For example, blended learning tools like indipath allow teachers to incorporate scaffolded standards, differentiated instruction, and leveled resources with the kind of technology that kids enjoy using. Just like in the classroom, each unit begins with a pre-assessment in the form of a game to determine at which level each student should begin. From there, students complete engaging learning activities and gradually move toward mastery. 

To remove the burden of extra planning, indipath is complete with hundreds of scaffolded standards and activities for teachers to search, tweak for their specific needs, and implement for the learner to work through at their own pace. Utilizing a blended learning tool like indipath empowers students to take ownership of their learning and gives teachers peace of mind, knowing that their learners are able to thrive no matter the circumstances.


RELATED: The Problem with Teaching to the Middle


Lesson Planning for the Learner

As educators – especially over the past few years – we’ve witnessed just how resilient our students really are. We firmly believe that our students shouldn’t have to be this resilient, though we admittedly don’t have much say in the matter. What we can do is make learning easy, accessible, and engaging by designing lessons that center around empathy for our students.

Rather than slipping into the habit of lesson planning strictly to meet standards, which can make connecting to and engaging with the material difficult for learners, we can incorporate methods like culturally relevant teaching (CRT) and social-emotional learning (SEL) to connect units to our students’ lived experiences.

For some, CRT and SEL might just sound like buzzwords. For students, these teaching approaches help make the classroom a safe and fun space that fosters accelerated learning and achievement for every single student.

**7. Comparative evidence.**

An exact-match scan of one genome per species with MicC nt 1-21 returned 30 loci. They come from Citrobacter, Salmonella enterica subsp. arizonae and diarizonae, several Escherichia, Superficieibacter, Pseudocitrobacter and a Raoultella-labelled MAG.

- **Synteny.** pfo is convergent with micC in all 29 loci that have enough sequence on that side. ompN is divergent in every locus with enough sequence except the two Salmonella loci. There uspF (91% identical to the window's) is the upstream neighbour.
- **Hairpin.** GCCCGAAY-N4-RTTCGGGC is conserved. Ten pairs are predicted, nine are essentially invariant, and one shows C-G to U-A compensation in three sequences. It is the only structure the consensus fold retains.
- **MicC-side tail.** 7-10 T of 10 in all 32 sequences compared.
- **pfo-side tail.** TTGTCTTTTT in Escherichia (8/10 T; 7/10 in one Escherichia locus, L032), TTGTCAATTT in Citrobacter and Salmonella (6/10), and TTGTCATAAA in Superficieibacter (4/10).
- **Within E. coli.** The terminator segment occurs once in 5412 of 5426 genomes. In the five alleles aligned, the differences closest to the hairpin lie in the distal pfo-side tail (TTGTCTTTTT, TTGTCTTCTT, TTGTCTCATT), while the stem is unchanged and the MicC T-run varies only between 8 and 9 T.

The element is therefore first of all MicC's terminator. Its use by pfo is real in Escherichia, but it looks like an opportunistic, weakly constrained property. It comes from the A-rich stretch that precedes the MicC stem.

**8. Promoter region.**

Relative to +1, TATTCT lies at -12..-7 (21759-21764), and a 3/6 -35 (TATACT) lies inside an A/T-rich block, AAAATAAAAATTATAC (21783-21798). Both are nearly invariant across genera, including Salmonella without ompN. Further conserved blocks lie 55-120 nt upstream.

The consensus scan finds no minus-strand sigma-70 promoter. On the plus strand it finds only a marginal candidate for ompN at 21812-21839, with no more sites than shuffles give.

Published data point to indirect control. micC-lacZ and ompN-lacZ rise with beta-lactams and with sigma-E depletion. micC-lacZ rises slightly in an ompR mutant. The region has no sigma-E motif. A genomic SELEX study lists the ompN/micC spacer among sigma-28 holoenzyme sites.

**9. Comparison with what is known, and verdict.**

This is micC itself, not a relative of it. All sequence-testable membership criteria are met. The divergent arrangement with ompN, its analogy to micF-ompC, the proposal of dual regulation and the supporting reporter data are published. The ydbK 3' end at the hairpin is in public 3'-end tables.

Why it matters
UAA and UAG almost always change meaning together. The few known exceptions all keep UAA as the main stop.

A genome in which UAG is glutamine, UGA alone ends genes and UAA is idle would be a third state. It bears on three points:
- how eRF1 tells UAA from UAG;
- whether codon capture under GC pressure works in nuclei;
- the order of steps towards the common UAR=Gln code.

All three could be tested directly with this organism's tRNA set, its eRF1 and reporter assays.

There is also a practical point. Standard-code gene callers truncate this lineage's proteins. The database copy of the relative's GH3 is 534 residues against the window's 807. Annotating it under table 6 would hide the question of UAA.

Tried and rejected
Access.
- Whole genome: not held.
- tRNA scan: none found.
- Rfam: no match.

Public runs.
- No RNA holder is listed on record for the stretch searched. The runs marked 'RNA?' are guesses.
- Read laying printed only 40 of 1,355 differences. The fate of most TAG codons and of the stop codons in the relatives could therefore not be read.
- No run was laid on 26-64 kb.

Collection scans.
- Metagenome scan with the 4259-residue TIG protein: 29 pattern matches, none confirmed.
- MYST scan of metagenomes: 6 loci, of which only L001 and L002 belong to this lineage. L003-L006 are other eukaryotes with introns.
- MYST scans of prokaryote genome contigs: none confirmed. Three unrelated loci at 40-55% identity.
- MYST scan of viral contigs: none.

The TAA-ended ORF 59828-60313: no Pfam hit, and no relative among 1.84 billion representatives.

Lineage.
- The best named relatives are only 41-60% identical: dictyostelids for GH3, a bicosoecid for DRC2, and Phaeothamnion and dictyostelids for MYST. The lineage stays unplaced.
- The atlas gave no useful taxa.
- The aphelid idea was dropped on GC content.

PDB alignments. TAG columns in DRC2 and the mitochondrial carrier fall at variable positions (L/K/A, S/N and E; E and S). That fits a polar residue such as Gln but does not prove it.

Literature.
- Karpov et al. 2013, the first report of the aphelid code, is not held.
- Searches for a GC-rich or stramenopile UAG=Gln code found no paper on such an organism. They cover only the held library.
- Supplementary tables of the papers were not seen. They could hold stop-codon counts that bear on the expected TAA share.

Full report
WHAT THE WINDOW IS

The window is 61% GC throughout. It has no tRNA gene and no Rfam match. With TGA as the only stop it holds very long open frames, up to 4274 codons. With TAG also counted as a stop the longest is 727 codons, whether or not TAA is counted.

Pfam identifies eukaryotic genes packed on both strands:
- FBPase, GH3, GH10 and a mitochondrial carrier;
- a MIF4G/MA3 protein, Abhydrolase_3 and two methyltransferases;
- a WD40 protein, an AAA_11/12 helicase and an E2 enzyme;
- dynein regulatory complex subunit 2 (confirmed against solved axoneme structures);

• Culturally relevant teaching (CRT) is a tool for bridging the gap between classroom material and a learner’s culture, values, language, and life experiences. 
  • Social-emotional learning (SEL) is a tool for developing and integrating into learning the kind of “soft skills” that we all need to thrive in our studies, work, and relationships, such as social awareness, self-management, and responsible decision-making. 

Implementing these practices together has the potential to transform a traditional, possibly unengaging learning environment for some into one that encourages expression, creativity, and critical thinking for all.

The role of the teacher is of course to lead and guide students along their learning journey. With that role comes the responsibility of remaining curious about and open to what each student really needs to thrive inside and outside of the classroom. Lesson planning around your students’ cultures, realities, dreams, and what we call Life-Ready Skills will create the kind of classroom environment that will keep your students engaged and eager to learn.

Planting the Learning Seeds

We know full well that we can’t predict exactly what will happen in the 2022-2023 school year. We also know that we should plan for and give our students the tools to succeed anyway. By utilizing a tool like the Buerk Rubric to level standards and lesson plan for differentiation, autonomy, and the learner, you will plant the learning seeds that will grow strong and tall throughout the year.

To learn more about how you can maximize student learning and achievement, start a partnership today!